Finally, let me say that the ECB has established excellent working relations with Banka Slovenije over the last couple of years. Already prior to EU accession, the Banka Slovenije was invited to participate in selected activities of the European System of Central Banks and the ECB at various levels. Since 2004, the colleagues from Banka Slovenije have attended numerous working groups and committees and thus contributed to our work. Governor Mitja Gaspari has been a member of the General Council of the ECB since May 2004. Since August 2006 he attended the meetings of the Governing Council as an Observer, and became official member of this decision-making body for monetary policy in the euro area on 1 January 2007.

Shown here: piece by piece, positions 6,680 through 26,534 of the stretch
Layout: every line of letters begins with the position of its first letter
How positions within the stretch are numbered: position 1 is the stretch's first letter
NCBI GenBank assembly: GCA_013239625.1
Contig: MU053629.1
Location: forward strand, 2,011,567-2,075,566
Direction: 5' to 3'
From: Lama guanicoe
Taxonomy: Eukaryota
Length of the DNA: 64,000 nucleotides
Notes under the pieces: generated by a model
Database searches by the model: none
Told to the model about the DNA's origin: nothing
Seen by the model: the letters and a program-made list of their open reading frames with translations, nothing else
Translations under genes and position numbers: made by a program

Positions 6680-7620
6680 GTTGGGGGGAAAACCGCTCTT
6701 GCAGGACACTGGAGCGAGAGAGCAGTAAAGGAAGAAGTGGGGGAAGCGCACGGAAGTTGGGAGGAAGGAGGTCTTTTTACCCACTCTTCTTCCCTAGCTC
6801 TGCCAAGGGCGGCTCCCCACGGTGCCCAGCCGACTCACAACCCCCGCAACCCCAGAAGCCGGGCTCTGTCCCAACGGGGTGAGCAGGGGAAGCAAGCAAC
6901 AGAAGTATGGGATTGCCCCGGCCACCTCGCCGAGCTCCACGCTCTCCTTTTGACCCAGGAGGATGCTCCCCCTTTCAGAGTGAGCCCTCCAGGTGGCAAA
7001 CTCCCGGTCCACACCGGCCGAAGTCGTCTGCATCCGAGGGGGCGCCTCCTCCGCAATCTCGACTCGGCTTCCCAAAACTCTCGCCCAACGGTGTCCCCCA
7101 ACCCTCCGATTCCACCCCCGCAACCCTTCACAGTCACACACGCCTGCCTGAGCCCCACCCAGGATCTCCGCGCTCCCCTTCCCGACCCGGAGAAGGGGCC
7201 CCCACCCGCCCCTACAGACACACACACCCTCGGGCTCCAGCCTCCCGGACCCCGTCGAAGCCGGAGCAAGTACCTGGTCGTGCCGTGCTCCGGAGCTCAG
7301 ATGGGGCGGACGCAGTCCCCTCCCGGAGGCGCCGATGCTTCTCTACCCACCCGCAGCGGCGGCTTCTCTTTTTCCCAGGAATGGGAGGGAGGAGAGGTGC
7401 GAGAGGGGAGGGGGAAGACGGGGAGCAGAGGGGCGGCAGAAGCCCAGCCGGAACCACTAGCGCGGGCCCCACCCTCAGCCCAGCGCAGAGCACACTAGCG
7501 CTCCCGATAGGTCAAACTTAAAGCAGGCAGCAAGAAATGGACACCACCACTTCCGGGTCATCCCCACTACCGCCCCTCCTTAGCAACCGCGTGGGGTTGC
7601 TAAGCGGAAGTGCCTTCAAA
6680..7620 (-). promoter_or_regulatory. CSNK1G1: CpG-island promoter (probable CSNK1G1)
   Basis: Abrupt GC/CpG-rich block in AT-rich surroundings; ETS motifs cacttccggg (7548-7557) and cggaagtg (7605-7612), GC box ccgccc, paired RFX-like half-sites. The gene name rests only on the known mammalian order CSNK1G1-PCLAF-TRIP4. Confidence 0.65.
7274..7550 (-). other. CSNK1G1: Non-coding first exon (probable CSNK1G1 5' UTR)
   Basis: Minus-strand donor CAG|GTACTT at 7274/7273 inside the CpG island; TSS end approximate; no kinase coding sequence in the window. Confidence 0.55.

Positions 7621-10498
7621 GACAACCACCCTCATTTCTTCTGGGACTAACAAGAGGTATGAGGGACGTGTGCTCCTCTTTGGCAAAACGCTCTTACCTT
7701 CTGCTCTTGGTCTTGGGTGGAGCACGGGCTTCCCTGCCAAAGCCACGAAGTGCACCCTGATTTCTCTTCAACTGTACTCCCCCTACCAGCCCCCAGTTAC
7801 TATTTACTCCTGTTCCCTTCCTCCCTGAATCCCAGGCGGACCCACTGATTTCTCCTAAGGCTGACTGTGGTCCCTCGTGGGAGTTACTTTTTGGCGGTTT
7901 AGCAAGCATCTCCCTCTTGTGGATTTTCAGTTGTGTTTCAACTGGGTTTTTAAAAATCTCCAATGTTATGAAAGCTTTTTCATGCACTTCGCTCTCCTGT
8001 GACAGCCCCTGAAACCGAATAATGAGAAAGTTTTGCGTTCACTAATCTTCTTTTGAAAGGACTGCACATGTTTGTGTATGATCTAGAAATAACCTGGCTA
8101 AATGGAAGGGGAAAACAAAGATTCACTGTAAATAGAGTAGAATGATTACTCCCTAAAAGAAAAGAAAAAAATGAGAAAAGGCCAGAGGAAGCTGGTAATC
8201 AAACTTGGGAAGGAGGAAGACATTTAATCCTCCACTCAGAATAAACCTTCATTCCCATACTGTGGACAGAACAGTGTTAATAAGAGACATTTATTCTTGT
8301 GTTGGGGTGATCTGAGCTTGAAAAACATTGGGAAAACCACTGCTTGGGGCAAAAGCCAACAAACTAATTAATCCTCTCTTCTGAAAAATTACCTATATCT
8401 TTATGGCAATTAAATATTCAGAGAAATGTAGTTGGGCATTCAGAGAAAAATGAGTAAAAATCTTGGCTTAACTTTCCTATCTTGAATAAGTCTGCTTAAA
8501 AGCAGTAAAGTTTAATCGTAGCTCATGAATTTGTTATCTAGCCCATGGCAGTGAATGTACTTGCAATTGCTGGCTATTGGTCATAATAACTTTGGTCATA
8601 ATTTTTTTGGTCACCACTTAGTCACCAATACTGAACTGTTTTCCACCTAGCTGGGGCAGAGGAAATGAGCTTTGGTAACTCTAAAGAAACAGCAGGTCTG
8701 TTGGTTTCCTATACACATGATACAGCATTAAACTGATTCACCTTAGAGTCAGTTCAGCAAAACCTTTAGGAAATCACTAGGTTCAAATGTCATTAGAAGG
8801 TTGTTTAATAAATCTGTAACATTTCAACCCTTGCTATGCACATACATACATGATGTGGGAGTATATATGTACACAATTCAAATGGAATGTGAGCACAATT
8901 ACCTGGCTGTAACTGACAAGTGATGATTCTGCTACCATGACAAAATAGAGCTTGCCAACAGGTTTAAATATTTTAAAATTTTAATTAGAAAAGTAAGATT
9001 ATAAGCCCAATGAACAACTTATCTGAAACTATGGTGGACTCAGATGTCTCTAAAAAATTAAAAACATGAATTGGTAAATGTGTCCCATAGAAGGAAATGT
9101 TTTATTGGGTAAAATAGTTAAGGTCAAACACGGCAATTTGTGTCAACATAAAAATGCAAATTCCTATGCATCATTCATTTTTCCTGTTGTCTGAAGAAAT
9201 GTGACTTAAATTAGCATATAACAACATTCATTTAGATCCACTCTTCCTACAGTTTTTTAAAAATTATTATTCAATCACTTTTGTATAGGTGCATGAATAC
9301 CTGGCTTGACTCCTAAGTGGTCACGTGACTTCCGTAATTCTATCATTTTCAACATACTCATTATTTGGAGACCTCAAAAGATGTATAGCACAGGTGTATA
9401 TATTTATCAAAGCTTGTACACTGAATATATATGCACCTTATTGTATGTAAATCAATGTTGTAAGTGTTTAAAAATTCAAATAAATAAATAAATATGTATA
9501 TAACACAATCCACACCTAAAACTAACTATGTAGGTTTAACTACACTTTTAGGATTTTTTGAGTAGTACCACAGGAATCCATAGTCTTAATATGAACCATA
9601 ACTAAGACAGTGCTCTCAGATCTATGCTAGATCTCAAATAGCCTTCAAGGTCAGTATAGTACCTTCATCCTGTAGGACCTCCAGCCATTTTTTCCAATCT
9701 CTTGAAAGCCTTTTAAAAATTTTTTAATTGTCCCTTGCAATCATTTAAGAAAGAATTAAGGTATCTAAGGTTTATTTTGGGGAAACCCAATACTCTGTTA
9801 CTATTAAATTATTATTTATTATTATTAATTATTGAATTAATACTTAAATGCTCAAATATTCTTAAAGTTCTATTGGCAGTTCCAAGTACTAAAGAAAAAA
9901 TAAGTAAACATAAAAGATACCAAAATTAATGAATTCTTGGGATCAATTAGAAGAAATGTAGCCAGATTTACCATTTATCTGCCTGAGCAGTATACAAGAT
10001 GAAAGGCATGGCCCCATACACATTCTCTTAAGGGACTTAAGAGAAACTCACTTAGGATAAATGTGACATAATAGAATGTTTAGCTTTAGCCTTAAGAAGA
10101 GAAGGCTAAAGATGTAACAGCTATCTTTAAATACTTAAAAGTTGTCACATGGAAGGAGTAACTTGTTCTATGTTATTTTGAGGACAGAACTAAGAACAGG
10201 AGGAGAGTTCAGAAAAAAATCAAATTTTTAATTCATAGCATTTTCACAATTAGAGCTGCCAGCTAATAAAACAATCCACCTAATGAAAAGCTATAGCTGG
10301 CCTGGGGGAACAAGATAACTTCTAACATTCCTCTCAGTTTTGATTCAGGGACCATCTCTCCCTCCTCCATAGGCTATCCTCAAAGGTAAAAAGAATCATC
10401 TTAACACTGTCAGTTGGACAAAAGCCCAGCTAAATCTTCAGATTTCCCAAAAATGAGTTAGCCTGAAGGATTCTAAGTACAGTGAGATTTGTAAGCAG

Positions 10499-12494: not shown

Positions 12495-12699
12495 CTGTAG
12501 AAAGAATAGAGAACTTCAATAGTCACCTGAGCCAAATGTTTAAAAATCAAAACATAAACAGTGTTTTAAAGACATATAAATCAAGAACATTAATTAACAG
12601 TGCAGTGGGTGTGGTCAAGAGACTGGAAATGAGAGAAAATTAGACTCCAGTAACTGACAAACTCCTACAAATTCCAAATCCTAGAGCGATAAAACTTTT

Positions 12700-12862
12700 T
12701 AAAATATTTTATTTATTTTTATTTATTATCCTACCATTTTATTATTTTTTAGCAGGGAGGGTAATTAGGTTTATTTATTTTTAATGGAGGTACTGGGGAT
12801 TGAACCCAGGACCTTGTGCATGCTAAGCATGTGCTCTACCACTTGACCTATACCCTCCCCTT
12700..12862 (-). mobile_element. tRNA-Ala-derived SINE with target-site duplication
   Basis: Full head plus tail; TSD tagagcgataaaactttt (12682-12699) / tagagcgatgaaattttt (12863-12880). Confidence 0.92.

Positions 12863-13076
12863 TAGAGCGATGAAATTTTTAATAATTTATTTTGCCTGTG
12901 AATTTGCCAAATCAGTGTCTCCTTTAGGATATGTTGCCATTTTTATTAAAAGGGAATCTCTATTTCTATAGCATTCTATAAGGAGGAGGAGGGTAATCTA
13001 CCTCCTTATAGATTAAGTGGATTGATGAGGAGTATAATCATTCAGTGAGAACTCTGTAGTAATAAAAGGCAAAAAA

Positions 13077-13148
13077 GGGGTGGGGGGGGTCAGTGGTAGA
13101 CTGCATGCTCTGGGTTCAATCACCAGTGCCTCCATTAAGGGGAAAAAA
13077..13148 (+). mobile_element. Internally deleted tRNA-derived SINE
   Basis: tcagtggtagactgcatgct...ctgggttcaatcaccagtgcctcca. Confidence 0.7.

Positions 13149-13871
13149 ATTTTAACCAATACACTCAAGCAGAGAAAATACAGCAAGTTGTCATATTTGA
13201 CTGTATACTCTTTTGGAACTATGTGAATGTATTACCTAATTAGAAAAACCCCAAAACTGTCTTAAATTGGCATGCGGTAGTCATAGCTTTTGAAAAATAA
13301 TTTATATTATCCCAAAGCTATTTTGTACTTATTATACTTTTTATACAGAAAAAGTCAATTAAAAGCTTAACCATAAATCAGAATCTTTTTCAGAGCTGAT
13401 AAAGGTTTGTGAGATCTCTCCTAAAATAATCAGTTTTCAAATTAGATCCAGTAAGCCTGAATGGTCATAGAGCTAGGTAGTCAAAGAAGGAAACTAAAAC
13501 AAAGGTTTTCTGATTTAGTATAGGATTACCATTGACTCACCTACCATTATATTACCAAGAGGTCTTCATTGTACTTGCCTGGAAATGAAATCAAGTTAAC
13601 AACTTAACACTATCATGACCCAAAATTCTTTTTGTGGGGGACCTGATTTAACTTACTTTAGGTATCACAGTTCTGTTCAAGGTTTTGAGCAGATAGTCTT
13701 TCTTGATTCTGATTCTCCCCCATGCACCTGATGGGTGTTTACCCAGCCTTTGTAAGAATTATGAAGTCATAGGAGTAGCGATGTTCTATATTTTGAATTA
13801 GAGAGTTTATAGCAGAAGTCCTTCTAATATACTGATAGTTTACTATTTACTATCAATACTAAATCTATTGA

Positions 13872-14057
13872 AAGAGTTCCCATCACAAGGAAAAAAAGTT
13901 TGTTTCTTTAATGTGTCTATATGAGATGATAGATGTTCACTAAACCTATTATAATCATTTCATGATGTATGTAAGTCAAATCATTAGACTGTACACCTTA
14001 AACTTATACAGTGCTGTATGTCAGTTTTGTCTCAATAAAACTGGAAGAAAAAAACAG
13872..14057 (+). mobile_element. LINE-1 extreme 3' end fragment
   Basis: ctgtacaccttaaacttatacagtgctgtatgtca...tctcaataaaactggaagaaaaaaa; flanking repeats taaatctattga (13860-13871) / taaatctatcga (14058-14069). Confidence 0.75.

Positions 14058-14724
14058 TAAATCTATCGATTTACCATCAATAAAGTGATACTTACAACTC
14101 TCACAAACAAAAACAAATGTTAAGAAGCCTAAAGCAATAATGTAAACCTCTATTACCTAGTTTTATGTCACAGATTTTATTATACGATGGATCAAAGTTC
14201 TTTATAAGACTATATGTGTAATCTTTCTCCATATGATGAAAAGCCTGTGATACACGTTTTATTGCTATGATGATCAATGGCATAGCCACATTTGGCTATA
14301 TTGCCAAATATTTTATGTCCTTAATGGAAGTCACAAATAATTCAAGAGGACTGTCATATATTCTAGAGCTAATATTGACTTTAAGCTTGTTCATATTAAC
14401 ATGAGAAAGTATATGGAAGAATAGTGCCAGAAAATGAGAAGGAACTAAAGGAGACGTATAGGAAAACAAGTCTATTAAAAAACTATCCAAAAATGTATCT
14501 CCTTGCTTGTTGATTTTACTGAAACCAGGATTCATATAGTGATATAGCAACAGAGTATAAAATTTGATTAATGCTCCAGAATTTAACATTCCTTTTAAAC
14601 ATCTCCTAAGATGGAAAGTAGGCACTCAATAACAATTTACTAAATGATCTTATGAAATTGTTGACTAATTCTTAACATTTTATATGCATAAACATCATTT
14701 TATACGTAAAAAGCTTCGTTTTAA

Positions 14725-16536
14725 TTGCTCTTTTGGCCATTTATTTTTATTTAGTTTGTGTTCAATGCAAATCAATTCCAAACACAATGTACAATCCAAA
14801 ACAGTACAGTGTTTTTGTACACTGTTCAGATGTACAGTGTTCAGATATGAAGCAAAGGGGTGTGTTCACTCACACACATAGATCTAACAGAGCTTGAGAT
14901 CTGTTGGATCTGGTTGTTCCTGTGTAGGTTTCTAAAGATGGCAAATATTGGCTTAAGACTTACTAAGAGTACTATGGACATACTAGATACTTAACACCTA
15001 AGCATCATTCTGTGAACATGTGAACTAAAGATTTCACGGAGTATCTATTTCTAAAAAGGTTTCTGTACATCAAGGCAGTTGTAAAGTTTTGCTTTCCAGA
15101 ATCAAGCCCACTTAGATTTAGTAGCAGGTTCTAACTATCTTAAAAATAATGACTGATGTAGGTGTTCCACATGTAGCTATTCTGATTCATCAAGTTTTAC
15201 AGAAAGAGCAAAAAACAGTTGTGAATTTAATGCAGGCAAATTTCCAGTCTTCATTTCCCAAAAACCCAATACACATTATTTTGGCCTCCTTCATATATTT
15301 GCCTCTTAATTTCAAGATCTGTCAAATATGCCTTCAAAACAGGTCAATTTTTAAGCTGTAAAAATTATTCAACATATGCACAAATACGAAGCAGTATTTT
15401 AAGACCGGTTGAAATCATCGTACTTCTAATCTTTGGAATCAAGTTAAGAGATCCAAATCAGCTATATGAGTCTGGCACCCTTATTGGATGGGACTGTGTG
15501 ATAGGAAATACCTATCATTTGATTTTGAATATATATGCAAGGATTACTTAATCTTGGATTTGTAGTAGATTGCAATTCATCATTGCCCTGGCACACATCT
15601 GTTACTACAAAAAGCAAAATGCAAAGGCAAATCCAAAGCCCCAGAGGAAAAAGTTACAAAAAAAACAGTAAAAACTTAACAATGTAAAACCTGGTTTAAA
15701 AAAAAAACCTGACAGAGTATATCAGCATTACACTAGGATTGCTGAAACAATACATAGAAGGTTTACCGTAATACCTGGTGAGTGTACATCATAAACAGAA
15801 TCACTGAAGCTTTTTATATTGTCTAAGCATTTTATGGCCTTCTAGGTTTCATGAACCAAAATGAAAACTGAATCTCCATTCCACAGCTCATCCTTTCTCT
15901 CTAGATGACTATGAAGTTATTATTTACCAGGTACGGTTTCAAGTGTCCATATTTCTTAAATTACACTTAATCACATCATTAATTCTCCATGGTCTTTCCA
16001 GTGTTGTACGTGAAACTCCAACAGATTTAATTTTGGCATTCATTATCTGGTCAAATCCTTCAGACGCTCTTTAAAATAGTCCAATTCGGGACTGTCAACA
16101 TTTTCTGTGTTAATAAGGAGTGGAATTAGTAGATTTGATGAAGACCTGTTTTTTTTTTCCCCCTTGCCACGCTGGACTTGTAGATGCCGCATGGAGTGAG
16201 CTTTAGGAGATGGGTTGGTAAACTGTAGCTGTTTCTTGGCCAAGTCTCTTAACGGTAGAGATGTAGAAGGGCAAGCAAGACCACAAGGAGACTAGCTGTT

Once the EU Council had taken the decision to abrogate the derogation of Slovenia, thus paving the way for the introduction of the euro, the ECB and Banka Slovenije, together with the National Changeover Board, the European Commission and national and international authorities cooperated closely in many ways for preparing the adoption of the euro. As a result today we can celebrate the successful cash changeover. I am sure that the good working relationship between the Banka Slovenije and the ECB will also continue in the future and will even become closer as the Banka Slovenije is now a fully integrated part of the Eurosystem. As you may know, close cooperation between the national central banks of the Eurosystem, the ESCB and the ECB is essential for our work and crucial to ensure the success of the single monetary policy in the euro area.